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World's longest lab experiment still going strong, via webcam

Amar Toor, @amartoo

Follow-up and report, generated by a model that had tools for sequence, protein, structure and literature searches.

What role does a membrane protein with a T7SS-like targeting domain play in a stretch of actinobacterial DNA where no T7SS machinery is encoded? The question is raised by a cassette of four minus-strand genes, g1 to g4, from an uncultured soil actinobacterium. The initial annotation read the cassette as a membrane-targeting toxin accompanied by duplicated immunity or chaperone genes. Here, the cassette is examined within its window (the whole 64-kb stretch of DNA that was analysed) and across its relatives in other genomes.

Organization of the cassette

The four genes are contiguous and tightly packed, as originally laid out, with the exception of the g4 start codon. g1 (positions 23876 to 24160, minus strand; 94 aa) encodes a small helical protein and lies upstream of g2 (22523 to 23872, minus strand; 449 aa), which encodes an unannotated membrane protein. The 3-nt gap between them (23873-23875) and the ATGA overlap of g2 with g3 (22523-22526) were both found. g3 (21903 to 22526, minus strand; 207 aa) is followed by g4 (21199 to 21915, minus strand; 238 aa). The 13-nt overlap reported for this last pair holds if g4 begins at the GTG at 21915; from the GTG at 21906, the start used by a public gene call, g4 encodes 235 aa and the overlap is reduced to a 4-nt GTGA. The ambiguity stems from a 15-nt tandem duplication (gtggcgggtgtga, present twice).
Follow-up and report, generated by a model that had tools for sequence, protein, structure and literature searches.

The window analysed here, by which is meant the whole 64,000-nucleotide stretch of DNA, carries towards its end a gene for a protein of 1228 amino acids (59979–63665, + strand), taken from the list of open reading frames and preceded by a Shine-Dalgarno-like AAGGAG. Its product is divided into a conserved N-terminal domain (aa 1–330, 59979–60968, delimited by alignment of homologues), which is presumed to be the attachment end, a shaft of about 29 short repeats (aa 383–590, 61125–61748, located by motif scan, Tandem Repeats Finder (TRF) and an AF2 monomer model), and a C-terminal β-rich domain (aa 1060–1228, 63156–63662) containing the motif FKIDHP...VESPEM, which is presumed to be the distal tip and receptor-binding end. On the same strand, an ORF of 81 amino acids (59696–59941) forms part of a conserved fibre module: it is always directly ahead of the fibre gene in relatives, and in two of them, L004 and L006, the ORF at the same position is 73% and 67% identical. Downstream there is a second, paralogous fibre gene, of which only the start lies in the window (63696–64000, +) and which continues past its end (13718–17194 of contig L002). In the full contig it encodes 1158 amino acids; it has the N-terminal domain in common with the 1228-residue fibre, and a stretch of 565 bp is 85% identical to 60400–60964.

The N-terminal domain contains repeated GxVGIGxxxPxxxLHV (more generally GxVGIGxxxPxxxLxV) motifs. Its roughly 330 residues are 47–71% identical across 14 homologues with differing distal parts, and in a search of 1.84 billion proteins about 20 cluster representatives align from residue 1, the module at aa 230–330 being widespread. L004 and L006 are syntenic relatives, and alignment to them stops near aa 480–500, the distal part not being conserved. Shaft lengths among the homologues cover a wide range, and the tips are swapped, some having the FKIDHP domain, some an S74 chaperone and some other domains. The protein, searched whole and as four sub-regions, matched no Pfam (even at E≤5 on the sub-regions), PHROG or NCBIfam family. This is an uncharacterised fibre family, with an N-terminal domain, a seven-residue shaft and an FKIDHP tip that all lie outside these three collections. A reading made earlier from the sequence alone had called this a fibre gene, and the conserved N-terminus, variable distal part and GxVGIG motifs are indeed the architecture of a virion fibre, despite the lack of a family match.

In 1927, a physics professor named Thomas Parnell launched an experiment on viscous liquids. 85 years later, we're still waiting for his results. It all began with a funnel, a beaker, and some melted tar pitch. Parnell, a professor at the University of Queensland in Australia, was hoping to demonstrate that brittle tar pitch actually behaves as a liquid when kept at room temperature. To prove this, he melted some tar pitch, let it cool for three years, and placed it within the funnel, held over the beaker. The first drop rolled down the funnel eight years later. The second came nine years after that. By the time the third rolled around, Parnell had already passed away. Following his death, the experiment was shelved, quite literally, in a closet, before Professor John Mainstone revived it shortly after joining the University of Queensland in 1961. In 1975, Mainstone successfully lobbied the university to put the experiment on display, but he likely could've never imagined how large an audience it would ultimately have. Today, in fact, the experiment is on display 24 hours a day, via a dedicated webcam. It's been hailed as the world's longest running lab experiment, and it's available for gazing at the source link below. Mainstone expects the next drop to come down the pipeline sometime next year, but you probably shouldn't hold your breath. The last drop ran down the funnel in 2000. Unfortunately, it was never recorded on video, due to a very untimely camera malfunction.

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